Studies indicated that, annually, approximately 3 million people experience a herniated disc. This common condition may occur as a result of injury or wear and tear. Here, we discuss what a herniated disc is, how you might recognize if you have an injured disc, and whether or not this injury may heal on its own.
What is a herniated disc?
The spinal discs are spongy structures that sit between each set of vertebrae, the bones that make up the spinal column. The discs are vital to spinal movement and to the passage of nerves from the spinal canal through the spinal column. Discs also keep the vertebrae from touching and wearing down. In some situations, the outer shell of a disc may weaken and tear. When this happens, the soft, gelatinous nucleus of the disc spills out into the spinal canal. This matter can bump up against nerves or compress them, causing varying degrees of pain.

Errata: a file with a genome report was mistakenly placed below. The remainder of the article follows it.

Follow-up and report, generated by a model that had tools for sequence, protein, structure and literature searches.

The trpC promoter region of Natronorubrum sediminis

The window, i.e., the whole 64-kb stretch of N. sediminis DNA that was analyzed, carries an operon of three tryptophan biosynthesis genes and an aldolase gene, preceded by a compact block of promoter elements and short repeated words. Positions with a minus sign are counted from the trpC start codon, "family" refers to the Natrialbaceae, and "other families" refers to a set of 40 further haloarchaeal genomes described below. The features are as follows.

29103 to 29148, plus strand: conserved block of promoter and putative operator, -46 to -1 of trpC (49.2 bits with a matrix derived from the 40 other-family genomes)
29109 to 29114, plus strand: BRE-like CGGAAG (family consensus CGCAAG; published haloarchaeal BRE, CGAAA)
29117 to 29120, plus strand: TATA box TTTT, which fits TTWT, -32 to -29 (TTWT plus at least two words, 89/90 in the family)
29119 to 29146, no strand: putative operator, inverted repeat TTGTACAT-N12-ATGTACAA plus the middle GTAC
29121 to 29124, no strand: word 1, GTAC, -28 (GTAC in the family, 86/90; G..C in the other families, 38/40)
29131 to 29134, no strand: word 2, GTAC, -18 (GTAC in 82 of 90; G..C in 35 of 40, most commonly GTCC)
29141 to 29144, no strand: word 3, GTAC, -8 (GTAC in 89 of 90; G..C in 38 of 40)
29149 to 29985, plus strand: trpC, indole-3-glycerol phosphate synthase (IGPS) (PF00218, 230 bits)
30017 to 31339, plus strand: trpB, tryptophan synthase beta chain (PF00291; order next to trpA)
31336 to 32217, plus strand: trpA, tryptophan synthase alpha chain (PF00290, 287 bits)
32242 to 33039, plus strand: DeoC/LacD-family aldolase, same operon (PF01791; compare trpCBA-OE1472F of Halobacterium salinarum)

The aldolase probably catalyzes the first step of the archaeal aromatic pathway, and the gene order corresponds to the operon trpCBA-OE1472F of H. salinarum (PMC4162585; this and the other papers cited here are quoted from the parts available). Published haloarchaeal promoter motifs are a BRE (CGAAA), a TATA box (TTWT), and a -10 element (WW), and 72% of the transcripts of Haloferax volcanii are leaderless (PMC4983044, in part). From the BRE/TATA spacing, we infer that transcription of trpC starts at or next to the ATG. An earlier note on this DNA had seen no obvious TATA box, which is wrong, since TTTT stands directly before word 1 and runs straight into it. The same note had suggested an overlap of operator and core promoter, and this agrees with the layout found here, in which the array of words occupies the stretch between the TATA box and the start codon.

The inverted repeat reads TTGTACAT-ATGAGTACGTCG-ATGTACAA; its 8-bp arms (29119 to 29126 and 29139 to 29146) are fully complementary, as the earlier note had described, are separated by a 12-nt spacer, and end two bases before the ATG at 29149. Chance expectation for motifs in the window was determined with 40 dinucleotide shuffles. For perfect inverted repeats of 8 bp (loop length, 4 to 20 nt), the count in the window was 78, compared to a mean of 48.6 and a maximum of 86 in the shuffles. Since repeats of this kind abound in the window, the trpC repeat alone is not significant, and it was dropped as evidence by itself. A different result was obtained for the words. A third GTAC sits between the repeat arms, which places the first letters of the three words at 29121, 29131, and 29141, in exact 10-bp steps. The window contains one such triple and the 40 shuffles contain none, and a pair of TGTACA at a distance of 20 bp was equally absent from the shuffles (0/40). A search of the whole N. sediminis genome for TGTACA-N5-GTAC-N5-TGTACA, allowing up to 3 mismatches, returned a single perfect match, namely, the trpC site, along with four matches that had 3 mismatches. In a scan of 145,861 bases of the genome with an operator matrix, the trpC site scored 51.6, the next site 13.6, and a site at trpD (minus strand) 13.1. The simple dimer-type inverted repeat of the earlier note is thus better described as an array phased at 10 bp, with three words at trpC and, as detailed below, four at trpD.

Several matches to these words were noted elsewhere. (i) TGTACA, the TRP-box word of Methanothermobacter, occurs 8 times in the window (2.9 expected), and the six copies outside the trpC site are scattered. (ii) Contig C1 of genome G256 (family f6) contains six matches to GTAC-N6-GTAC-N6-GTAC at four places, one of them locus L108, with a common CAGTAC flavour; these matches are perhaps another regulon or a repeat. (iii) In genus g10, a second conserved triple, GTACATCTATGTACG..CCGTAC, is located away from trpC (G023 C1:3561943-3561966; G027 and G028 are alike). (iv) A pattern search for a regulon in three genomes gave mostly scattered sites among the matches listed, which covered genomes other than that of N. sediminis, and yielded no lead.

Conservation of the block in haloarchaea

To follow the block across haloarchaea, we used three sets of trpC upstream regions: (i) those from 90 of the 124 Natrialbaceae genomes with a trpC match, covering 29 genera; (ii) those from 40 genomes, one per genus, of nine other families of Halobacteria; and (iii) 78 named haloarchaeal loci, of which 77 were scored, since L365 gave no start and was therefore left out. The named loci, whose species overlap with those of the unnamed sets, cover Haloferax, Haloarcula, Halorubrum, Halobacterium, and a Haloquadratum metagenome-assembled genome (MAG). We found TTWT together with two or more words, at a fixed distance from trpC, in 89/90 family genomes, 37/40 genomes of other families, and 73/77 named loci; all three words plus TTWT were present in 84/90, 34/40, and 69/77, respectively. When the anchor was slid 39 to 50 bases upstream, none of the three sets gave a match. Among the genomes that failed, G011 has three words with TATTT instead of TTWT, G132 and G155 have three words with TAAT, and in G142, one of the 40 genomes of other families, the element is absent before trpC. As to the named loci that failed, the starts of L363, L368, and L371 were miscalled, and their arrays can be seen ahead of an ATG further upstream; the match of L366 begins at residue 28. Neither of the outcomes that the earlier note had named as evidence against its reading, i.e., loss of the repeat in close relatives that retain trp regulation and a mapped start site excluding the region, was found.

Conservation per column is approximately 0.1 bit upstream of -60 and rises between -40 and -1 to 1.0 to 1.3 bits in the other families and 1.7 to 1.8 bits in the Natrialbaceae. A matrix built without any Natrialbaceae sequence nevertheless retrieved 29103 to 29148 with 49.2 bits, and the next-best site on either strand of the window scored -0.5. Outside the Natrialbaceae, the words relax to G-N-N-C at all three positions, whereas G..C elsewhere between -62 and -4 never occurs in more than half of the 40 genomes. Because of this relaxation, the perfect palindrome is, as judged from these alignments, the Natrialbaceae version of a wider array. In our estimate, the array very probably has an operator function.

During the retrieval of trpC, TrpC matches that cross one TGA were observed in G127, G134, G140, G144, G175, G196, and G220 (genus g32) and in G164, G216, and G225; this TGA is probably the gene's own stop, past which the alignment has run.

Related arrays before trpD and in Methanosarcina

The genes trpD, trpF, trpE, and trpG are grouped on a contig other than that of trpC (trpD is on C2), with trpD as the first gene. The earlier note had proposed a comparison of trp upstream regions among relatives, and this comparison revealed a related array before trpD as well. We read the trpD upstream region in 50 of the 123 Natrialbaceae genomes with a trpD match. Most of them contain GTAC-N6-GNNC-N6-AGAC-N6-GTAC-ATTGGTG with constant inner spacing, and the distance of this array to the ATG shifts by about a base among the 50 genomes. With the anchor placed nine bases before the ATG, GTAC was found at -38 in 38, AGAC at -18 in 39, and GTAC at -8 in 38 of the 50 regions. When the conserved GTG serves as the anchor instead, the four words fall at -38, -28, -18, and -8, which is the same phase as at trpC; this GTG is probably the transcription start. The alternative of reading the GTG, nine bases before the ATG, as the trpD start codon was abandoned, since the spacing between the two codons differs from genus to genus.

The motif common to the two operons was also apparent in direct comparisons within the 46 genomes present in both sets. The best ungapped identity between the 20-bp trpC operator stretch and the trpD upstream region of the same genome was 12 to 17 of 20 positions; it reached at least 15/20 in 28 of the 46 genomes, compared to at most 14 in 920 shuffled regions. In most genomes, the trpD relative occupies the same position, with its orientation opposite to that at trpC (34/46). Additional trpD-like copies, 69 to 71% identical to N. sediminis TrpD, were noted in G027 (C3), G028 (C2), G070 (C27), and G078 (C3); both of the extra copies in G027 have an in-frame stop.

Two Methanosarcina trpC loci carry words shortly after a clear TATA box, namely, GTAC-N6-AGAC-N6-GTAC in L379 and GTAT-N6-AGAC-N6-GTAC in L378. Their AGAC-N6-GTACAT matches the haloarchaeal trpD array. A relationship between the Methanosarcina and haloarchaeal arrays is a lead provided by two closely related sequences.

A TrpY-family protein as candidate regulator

Some of the symptoms of a herniated disc include shooting pain, weakness, or numbness along the nerve path. For example, when a herniated disc occurs in the low back, the lumbar spine, pain may travel down the leg. If the herniated disc is in the neck, the cervical spine, symptoms may radiate across the shoulder, upper back, and down the arm.
So, What about Healing?
Patients often want to know if a herniated disc will heal on its own. What research shows is that the symptoms of a herniated disc may improve over time. However, this does not mean the torn disc has closed spontaneously. The disc may continue to be weak and have a tear, however, the surrounding nerves are no longer responding to pressure. This is why people who have a herniated disc may feel better for a time only to “reinjure” their neck or back in an unexpected way, such as bending to tie their shoes.
At Orthohealing Center, we are committed to researching cell based therapies for the treatment of various injuries and conditions. Alternatives to surgery and pharmacological treatments exist. We are at the forefront of these therapies. To learn more about how we can help you address the symptoms of a herniated disc, call 310-453-5404 and schedule a consultation at our Los Angeles center.